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carpal tunnel syndrome

Carpal Tunnel Syndrome (CTS)

Carpal Tunnel Syndrome or CTS refers to the painful condition affecting the wrist and hand.

The carpal tunnel is formed by the wrist bones and the carpal tunnel ligament. The median nerve (which supplies sensation to the thumb, index and middle fingers) and the tendons (which allow movement of the hand and fingers) passes through the carpal tunnel.

More commonly affecting women than men, CTS occurs when there is compression or pinching of the median nerve.

The most common signs of CTS include:

  • Pain in the hand, wrist and arm often felt during the night
  • Grip weakness and reduced ability to grasp small objects
  • Numbness and tingling in the hand
  • Pins and needles

Common causes of CTS include:

  • Trauma or injury such as a fracture or sprain
  • Fluid retention during pregnancy
  • Rheumatoid arthritis
  • Diabetes

In many cases there is no obvious reason for the onset of symptoms. With only a small amount of available space in the carpal tunnel, any swelling of the surrounding tissue can cause median nerve compression.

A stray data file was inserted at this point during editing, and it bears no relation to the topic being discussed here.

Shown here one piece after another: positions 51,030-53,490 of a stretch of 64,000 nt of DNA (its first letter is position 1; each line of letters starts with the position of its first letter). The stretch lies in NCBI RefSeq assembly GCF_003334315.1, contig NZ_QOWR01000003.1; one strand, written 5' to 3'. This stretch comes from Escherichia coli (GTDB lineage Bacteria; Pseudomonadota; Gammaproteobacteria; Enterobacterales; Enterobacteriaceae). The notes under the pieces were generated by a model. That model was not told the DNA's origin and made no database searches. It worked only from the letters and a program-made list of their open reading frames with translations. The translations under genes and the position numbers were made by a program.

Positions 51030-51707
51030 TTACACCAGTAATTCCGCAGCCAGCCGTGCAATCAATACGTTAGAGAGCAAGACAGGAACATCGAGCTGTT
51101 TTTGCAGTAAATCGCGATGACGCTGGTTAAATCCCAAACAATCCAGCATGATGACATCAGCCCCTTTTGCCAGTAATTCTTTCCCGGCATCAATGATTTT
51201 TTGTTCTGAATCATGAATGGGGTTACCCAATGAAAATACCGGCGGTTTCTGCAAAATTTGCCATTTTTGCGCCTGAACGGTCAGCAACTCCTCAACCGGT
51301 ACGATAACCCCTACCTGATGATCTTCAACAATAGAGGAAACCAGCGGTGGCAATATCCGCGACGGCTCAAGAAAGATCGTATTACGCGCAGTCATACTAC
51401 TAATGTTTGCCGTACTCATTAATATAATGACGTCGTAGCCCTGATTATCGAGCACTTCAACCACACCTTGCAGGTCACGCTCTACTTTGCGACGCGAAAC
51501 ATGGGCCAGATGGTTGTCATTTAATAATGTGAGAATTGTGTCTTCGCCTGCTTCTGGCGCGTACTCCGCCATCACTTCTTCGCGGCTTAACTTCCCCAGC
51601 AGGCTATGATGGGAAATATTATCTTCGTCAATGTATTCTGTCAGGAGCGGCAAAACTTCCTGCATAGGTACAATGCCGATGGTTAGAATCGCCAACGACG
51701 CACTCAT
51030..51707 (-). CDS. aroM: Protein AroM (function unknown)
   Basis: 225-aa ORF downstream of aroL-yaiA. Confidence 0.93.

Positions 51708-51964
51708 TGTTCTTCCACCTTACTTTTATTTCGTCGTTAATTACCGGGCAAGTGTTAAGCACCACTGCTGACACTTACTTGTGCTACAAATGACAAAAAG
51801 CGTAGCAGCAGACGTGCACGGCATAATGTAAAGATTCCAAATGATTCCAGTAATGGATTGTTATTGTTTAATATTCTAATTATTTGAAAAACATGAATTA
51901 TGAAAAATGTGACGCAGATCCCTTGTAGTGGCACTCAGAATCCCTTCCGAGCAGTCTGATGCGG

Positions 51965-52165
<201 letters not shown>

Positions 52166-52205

Your doctor will conduct an examination and take a detailed history to establish signs, symptoms and risk factors and to rule out any underlying injury.

If required, a nerve conduction study (NCS) or electromyogram (EMG) may be arranged to check for abnormalities in nerve function.

Depending on the severity of symptoms and the stage of disease, conservative treatment options may include:

  • Resting the hands from repetitive activities
  • Ice packs to reduce any swelling
  • Non-steroidal anti-inflammatory medication
  • Wrist splints worn at night to stabilize the wrist in a neutral position during sleep
  • A steroid injection into the carpal tunnel to decrease inflammation and reduce pain.

Surgical treatment may be considered where symptoms are severe. This commonly performed procedure is done by cutting the ligament which forms the roof of the carpal tunnel to increase space and reduce the pressure on the median nerve.

A Carpal Tunnel Release can be an ‘open’ procedure where an incision is made in the palm of the hand or via an endoscope where a smaller incision is made through which a tiny camera and instruments are inserted to release the nerve. Most people experience a significant improvement after surgery although it is not uncommon to have some residual numbness, weakness or pain. In most instances this will resolve, however in a small number of cases some numbness may be permanent. Following surgery your doctor will give you guidelines for returning to your normal activities. It may be several weeks or even months before you are able to use your hands without restriction.



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